Commission seeking ‘modified’ EU air quality proposals

Clean Air Package is to be dropped in current form as NEC Directive proposals have proved “controversial”

EU policy proposals for more stringent air quality limits in Member States have been dropped from the European Commission’s 2015 workplan agenda in their current form, Commission First Vice President Frans Timmermans announced this afternoon (December 16).

Speaking in the European Parliament today to outline the policy agenda for next year, Mr Timmermans described proposals to introduce more stringent limits on certain air pollutants in the National Emissions Ceiling (NEC) Directive as “controversial”.

European Commission Vice President Frans Timmermans made the announcement in Brussels today (December 16)

European Commission Vice President Frans Timmermans made the announcement in Brussels today (December 16)

He explained that agreement between the European Parliament and the European Council would be hard to reach over the Clean Air Package, and the Commission would therefore bring forward “modified proposals” to “bridge this gap by better reflecting synergies with the energy and climate package and by reducing administrative burden”.

Regarding the focus on tackling air pollution at source in the Clean Air Package, Mr Timmermans commented that “there are good prospects that the medium-sized combustion plants proposal will be adopted soon, closing the unacceptable gaps in our source legislation”.

Speaking in Brussels today, Mr Timmermans said: “The proposal on National Emission Ceilings has proved more controversial and there is a gap emerging between what the Parliament and the Council might view as an acceptable outcome. We will bring forward, in the course of the ongoing negotiations, modified proposals which we hope can help bridge this gap by better reflecting synergies with the energy and climate package and by reducing administrative burden. We are optimistic that negotiations will be a success and agreement can be reached.

“And I say this with all stress: we are not compromising on the goals we want to attain. We are looking critically at the methods we can use to bring parties together so that we have conclusion that actually can be implemented soon so that we can reach cleaner air in the EU.”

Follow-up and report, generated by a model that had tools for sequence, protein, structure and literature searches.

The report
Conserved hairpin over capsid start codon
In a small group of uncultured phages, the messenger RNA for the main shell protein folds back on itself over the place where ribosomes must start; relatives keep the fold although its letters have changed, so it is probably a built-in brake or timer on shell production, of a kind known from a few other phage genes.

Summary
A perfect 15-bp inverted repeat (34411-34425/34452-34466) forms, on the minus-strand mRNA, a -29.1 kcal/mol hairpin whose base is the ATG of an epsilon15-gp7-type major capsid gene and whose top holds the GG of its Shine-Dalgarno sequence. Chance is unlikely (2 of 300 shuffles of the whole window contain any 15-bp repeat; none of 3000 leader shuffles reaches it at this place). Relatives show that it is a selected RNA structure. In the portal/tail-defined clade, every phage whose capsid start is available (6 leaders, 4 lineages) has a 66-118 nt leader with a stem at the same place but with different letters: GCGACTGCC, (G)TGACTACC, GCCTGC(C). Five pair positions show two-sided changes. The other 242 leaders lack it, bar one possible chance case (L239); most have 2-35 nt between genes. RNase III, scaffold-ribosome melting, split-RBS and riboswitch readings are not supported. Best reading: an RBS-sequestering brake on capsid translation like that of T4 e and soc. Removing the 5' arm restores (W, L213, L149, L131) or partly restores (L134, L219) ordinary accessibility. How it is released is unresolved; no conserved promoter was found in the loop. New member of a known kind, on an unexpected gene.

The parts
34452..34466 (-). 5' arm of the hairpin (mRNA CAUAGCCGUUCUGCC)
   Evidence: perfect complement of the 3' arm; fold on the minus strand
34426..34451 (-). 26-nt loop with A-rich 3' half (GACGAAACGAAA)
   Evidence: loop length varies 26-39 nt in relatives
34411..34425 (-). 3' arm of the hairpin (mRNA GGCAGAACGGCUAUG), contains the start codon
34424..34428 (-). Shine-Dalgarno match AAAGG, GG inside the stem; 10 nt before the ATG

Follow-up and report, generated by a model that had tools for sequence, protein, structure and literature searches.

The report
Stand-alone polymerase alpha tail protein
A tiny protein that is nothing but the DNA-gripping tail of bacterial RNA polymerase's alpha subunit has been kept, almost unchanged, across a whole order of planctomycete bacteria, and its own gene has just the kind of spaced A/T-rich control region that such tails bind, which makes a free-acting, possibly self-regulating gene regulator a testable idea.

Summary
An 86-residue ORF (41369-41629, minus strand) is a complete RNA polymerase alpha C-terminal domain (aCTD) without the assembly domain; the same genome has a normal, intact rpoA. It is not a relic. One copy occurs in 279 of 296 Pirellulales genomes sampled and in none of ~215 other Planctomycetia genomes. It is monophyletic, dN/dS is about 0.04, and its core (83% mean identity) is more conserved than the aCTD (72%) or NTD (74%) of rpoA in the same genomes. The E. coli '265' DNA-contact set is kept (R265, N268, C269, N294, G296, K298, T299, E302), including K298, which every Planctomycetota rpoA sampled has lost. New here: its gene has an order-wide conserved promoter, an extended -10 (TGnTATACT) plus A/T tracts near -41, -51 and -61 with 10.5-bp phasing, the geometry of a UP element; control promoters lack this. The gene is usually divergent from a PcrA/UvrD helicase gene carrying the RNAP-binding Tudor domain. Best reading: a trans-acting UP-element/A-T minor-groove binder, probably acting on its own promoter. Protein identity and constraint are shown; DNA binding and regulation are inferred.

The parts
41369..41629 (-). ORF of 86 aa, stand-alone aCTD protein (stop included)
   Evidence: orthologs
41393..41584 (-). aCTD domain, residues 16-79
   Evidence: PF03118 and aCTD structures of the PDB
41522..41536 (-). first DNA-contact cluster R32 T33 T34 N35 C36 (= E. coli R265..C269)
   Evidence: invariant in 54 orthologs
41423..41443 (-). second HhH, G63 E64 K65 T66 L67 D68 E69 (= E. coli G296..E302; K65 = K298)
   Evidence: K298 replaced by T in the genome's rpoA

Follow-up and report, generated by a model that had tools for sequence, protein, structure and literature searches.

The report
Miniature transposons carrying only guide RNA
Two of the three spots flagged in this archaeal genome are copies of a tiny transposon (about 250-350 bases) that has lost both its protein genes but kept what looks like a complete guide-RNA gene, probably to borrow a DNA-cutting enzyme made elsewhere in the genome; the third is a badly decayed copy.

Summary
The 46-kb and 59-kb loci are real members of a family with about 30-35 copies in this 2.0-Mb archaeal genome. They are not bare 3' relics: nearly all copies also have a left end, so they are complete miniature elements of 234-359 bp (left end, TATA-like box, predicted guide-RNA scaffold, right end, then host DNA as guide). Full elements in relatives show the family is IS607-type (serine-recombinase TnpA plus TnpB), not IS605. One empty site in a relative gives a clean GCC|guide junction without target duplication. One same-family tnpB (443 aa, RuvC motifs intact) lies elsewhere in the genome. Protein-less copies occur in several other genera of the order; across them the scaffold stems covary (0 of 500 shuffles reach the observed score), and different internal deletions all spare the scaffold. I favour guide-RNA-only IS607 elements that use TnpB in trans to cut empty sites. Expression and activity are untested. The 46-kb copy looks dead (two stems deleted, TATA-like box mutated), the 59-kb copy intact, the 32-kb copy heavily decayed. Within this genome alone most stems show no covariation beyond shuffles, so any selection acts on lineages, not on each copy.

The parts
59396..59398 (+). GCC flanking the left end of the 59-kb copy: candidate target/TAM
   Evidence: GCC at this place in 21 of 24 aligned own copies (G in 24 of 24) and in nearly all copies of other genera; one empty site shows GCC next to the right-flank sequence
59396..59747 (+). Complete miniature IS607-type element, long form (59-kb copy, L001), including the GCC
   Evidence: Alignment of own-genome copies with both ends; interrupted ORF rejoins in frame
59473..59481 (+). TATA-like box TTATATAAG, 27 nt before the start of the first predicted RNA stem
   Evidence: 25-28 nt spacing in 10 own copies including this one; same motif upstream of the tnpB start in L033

The announcement follows leaked documents seen last week (December 11) by, which first revealed European Commission President Jean-Claude Juncker’s intention to drop the Clean Air Package from the 2015 workplan and make amendments to the proposals in future (see story).

This had led to UK politicians and campaigners from across the political divide urging against dropping the Clean Air Package, with the Environmental Audit Committee even writing to President Juncker and UK Prime Minister David Cameron yesterday (see story).

It is understood that UK environment secretary Elizabeth Truss MP is currently in Brussels, but Defra has yet to comment on the Commission’s announcement.


Former Environment Commissioner Janez Potocnik — under whom the Clean Air Package was developed and announced in December 2013 — had voiced his support for the package this morning, commenting: “Air pollution causes over 400,000 premature deaths in Europe every year. That’s 15 times more than traffic accidents. Is that ok for you?”

The subsequent announcement this afternoon has drawn strong reaction from UK politicians and campaigners.

The European Environment Bureau (EEB) said that the “’sustainability’ credentials of Timmermans have hit rock bottom as he axes clean air and circular economy packages”, describing it as a “bad day for Europe”.

ClientEarth air quality lawyer Alan Andrews described the withdrawal of proposals for a more stringent National Emissions Ceilings (NEC) Directive as a “public health disaster”.

Green MEP for South East England, Keith Taylor, said the Commission’s decision to drop the air quality proposals as “shameful and unconvincing”.

Also reacting to the news this afternoon, Liberal Democrat MEP Catherine Bearder said: “The Commission has backed down from scrapping environmental proposals entirely, but we must now prevent them from being watered down.

“The transition to a greener, cleaner economy will not only protect our environment — it will spur innovation and create long-lasting jobs.  European citizens and MEPs must keep up the pressure on the Commission to ensure opportunities for green growth are seized with both hands.”


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